How The Dunoon Massacre Took a Scottish Family Feud Too Far


Inherited folklore is alive and well in Scotland. Fed by the glorious splendor of its jagged slopes and misty hillsides, many have heard the tales of roving clans out to even the score of ancient feuds and regain their honor in any way necessary. In fact, during the 17th and 18th centuries, Scotland never seemed to put its longsword down for long. Its history is rife with stories of murder and unrest, depicting some shockingly personal atrocities against neighbors and giving new definition to the term “clan.” Although those times were volatile, characterized by continuous acts of callous violence, what’s not as well-known is that one of Scotland’s oldest families, the Lamonts, would lose several branches of their ancient family tree in just one night—a terrifying event now known as the Dunoon Massacre.


Clan Lamont was said to have descended from Irish monarchy, and as a result of this lineage, they were one of the oldest and most powerful families in Scotland. Through the 11th century, the Lamont chief sat in a town called Dunoon, until 1371 when Robert II of Scotland, upon his ascension to the throne, appointed Sir Colin Campbell the Hereditary Keeper of Dunoon Castle instead. This marked the beginning of an increasingly bitter feud between the two clans, as the Lamonts tried to resist the Campbells’ growing influence.

What resulted from this bad blood was not just a few well-placed words or even a handful of injurious confrontations, but instead the brutal massacre of the Lamont clan, an event that would deal a crushing blow to one of Scotland’s proudest families.

Not only would the Campbells break an age-old code of honor between chiefs, but they would slaughter over 200 Lamont men, women, and children, hanging them from trees and even burying them alive.


The historical Lamont castles would be decimated and Sir James Lamont, the chief at the time, would be thrown into a dungeon for five years. Many say there’s nothing like Highland revenge, but this was excessive, even for the Scots. And that fateful day in 1646 would forever be known as the Dunoon Massacre.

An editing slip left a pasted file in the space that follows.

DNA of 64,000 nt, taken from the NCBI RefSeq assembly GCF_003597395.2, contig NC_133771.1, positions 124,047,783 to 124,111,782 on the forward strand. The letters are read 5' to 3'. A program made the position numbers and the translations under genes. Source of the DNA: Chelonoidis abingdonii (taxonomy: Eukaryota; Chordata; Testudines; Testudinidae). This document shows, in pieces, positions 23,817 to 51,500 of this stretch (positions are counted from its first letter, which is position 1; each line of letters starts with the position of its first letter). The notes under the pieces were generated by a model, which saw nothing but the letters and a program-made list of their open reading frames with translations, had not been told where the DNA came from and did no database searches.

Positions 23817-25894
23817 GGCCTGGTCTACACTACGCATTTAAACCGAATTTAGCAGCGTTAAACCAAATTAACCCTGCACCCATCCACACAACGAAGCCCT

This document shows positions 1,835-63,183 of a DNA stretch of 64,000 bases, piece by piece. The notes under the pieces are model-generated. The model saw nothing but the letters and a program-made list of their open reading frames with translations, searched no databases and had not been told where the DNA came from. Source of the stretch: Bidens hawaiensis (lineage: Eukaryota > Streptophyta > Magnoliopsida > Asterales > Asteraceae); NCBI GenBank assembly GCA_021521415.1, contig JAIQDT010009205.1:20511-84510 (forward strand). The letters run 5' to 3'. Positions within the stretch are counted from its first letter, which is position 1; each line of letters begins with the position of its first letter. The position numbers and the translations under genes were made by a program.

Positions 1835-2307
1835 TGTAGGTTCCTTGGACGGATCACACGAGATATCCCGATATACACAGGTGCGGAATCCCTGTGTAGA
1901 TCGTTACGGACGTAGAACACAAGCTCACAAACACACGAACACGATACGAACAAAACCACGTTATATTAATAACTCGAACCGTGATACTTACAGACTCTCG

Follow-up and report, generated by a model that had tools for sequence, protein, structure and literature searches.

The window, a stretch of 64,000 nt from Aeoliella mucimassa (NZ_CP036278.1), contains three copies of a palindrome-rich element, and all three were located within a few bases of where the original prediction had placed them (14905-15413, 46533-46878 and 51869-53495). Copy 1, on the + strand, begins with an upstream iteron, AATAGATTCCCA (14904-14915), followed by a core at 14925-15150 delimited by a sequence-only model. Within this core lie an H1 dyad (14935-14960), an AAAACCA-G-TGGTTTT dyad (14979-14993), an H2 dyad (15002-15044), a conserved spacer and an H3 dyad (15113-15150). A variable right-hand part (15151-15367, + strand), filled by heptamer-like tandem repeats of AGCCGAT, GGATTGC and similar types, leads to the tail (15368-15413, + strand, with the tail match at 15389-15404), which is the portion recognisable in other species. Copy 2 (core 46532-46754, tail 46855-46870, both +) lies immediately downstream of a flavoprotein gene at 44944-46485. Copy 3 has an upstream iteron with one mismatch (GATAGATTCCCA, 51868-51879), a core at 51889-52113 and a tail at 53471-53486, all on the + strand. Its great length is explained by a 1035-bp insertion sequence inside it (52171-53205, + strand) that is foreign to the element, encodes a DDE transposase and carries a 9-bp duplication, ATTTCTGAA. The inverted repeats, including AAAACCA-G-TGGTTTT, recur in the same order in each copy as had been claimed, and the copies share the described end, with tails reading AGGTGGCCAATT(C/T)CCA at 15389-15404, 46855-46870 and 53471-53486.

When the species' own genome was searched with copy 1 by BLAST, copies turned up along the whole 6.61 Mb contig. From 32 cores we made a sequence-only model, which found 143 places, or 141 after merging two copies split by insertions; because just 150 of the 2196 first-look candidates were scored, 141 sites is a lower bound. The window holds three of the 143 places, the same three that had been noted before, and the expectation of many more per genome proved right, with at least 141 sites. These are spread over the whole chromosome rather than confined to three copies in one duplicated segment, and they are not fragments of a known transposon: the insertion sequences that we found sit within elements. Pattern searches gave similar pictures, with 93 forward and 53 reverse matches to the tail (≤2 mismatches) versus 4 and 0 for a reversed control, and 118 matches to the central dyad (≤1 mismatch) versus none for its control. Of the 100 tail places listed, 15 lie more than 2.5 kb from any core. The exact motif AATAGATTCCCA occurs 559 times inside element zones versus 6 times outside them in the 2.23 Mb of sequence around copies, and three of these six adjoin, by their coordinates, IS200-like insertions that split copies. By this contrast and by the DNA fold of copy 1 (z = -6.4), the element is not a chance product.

To really understand the tension, rage, and need for vicious revenge that led up to the Massacre, it’s important to see how the Campbells and the Lamonts were pitted against each other from the start, leading to centuries of tit for tat and endless years of targeted violence.


Sir James Lamont who had been knighted by King Charles was given his land around the Cowal Peninsula in Western Scotland in 1472, and there his clan erected a homestead known as Toward Castle. He purchased further lands in 1535 from James V and made significant improvements to the keep when Mary, Queen of Scots visited in 1563. The castle was rumored to be grand and well-appointed; however, no one really knows what it looked like. It only existed for 200 years before being destroyed by the Campbells, and its image was never captured during that time.

Rothesay Castle

Although the Lamonts and Campbells shared a relationship as tense neighbors for centuries, it was around 1400 when things really began to heat up. While the king was staying at nearby Rothesay Castle, a few of his courtiers crossed into Lamont territory on a hunting trip one spring afternoon where they encountered three damsels in the countryside. The Lamont women, alone and unprotected, were attacked and ravished by the king’s men and sent running home to report the appalling incident.


Furious at the news, the Lamonts caught up with the king’s men and killed them before they reached the castle. But once the king caught wind of what happened, he was furious with the Lamonts for daring to touch his courtiers and passed some eight square miles of Lamont territory over to their enemy, the Campbells, as punishment. This decision threw considerably more fuel on the smoldering feud between the two clans until they were eventually forced to join forces in 1544 to defend Dunoon and its castle against the invading English. They lost the battle and parted ways with increased anger and frustration.

Around the year 1639, seven years before the Massacre, the Wars of the Three Kingdoms broke out and exacerbated a series of conflicts between England, Ireland, and Scotland. English rule was invading the independence of the highlanders, beginning a larger conflict that would eventually end their autonomy for good. Scotland and Ireland were tired of England telling them how to pray and where to pay, and so it seemed the Lamonts would be forced to fight alongside their bitter enemies, the Campbells.


Chief Lamont may have fought with the Campbells against England, but that did not mean all was forgotten. The hatred was still running hot in his veins, and so when the war ended, Sir Lamont quickly seized the opportunity to make trouble for the Campbell clan by siding with their bitter enemies, the MacDonalds, and some Irish mercenaries who were up for anything, just as long as it involved fighting.

Sir James Lamont

The Lamont group mustered their strength at Toward Castle and then descended on the Campbell lands, laying waste to the territory, in particular, a town called Dunoon, and taking prisoners from the Tower of Kilmun who begged for their lives. Instead of receiving mercy, however, the prisoners were taken three miles from the tower where they were cruelly put to death. Sir Lamont went on to destroy the grain house; drive off 340 cattle and horses; and kill 33 men, women, and children of the Campbell clan.